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Best Tools for Music Production: The Gear For Music Success

Updated: Oct 8, 2021



There’s only one single rule that even music veterans will all agree on: there are no rules, and there’s no specific music production equipment stack that you’ll have to absolutely have.


There are professional music production tools, of course, but the exact make, models, and equipment you’ll use will ultimately depend on you. If you are just starting out in the world of music production, remember to trust your music production skills, ears, eyes, and equipment (from basic to the pro level, regardless of what you have).


The rule is to never break your bank account with software and/or hardware, going experimental, challenging yourself through the paces, and to ensure that you’ll always work with multiple tracks to get to the kind of work you are going to be proud of.


Having said that, it’s also easy to overlook the need for capable music production tools especially at the start of your music production career. Here’s a basic list of what you’ll need:


Your own, Custom DAW (Digital Audio Workstation)


Choosing and working with your own digital audio workstation will have specific needs but you’d also have to consider the ergonomics of creating and working with a comfortable workstation that you can come to depend on. Prolonged use of digital equipment, laptops, audio equipment, and other tools for music production could lead to ergonomic discomfort or ergonomic-related issues while at work. Consider these basic tips from Harvard on Telework ergonomics at the minimum.


As a music production specialist, your customized digital audio workstation could include specific equipment such as computers (sometimes multiple monitors are required), multitrack recording, pitch or tempo modification, and more.

Some of the popular, modulated, tried-and-tested DAWs out in the market are as follows:




Or, you can also choose to customise and set up your digital audio workstation your own way by picking and choosing the hardware, software, and other music production tools you’d need. For instance, you could start with simple gear and then add CLA vocals by Waves as the software [https://www.waves.com/plugins/cla-vocals#mix-vocals-with-one-plugin] or use just plugins or third-party software to get the job done.



MIDI controllers


MIDI, or Musical Instrument Digital Interface -- a universal technical standard that allows for communications between physical hardware and digital audio workstations is just as important for your music production projects as a DAW is. While there are several forms and types of MIDI controllers, KeyLab 49 by Arturia has proved itself to be the MIDI controller of choice for several music production specialists.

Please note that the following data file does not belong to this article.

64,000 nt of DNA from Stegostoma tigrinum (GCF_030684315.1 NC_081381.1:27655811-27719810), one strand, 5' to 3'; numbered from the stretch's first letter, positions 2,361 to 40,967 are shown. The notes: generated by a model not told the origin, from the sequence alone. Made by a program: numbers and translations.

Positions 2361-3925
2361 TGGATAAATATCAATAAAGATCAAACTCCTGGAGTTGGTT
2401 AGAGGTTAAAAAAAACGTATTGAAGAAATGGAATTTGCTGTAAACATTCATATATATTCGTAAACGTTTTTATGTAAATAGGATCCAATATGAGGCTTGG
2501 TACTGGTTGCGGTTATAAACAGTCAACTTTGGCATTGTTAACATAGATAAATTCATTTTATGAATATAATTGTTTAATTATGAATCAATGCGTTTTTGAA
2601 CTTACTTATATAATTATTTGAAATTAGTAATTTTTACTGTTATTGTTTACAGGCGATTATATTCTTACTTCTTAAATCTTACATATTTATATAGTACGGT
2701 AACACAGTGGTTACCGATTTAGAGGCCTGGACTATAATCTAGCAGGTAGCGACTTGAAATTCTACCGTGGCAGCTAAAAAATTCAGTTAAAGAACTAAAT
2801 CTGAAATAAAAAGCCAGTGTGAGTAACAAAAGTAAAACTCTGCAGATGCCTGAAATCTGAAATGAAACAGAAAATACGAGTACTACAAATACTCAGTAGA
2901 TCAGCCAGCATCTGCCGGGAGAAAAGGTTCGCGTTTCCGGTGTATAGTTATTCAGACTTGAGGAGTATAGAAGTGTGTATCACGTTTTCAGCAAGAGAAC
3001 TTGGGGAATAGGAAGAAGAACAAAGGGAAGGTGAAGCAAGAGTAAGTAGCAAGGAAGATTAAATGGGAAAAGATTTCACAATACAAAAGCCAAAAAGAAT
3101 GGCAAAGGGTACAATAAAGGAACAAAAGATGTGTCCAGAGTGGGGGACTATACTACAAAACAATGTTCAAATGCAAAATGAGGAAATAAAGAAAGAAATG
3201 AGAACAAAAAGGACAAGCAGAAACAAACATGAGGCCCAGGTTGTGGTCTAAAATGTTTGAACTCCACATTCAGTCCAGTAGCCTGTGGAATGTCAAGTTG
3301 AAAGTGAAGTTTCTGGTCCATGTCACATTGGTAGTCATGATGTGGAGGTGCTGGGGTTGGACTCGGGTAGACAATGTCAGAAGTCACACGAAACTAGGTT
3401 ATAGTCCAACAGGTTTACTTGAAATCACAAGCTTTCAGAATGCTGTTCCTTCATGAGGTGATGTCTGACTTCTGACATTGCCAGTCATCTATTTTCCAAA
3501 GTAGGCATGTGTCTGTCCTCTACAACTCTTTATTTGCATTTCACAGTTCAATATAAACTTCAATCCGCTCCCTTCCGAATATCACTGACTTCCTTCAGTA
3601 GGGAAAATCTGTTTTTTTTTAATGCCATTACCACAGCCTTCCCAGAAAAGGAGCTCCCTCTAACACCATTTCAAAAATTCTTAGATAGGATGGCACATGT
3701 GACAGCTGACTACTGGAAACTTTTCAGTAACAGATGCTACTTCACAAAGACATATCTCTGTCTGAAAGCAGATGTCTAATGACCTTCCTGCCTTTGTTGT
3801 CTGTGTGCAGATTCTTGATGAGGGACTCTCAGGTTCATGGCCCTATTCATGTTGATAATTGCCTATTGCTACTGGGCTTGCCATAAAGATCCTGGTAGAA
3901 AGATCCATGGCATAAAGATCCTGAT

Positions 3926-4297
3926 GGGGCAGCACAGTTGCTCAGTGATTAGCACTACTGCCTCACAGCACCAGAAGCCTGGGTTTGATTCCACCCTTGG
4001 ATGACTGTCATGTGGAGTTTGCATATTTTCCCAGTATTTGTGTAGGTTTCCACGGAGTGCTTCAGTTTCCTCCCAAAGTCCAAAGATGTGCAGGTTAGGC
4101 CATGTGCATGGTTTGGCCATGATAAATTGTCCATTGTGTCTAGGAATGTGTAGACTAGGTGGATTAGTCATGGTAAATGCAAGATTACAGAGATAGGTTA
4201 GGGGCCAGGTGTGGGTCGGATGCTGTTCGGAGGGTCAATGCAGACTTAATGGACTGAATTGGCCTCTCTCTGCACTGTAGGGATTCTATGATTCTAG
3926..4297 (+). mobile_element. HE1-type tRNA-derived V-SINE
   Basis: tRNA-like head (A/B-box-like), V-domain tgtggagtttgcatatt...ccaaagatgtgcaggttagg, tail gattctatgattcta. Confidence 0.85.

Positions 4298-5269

Others in the list include (but are not limited to):


Here’s a complete list of the Top MIDI controllers best suited for music production by Audio Assemble


Studio headphones

Music producers only have two ways to listen, analyze, and work on sound output: default sound output speakers from monitors or by using a studio-level professional headphone (over-the-ear).


Choosing a headphone is the industry default since Studio monitors require substantial modifications to obtain clear sound, as their sounds are influenced by factors including the shape of the speaker, the layout of the room they are sitting in, and much much more.


Headphones provide clear sound output with calibrated output (the mids, the bass, trebles, and even those tiny sound effects). Some of the music industry choices for studio headphones are


While you do need studio headphones for listening, tuning, music analyses, and more, the ultimate choice is yours.


Studio Interface & Studio Recording Mic


One of the other important music production tools you should use is a proper audio interface which is required to translate the nuance of the acoustics into a digital audio file.


Some of the popular studio interface options available are from Fireface or Komplete Audio 1 or Audio 2.


A studio recording microphone is built to capture clear, unidirectional sound and then subsequently converted it into a digital signal. Studio microphones are usually wired, fixed-in-position microphones designed to capture audio in a studio environment, such as a recording booth. Studio microphones are either condenser microphones or dynamic microphones which are cheaper, robust, dynamic, and more affordable.


Here are some of the best Studio microphones available in the UK market


Again, music production artists have their own choices when it comes to music production tools (interfaces, MIDI controllers, studios, headphones, and software). Pick what your budget allows you (and always upgrade on as needed basis).

How does your music production tools stack look like?




 

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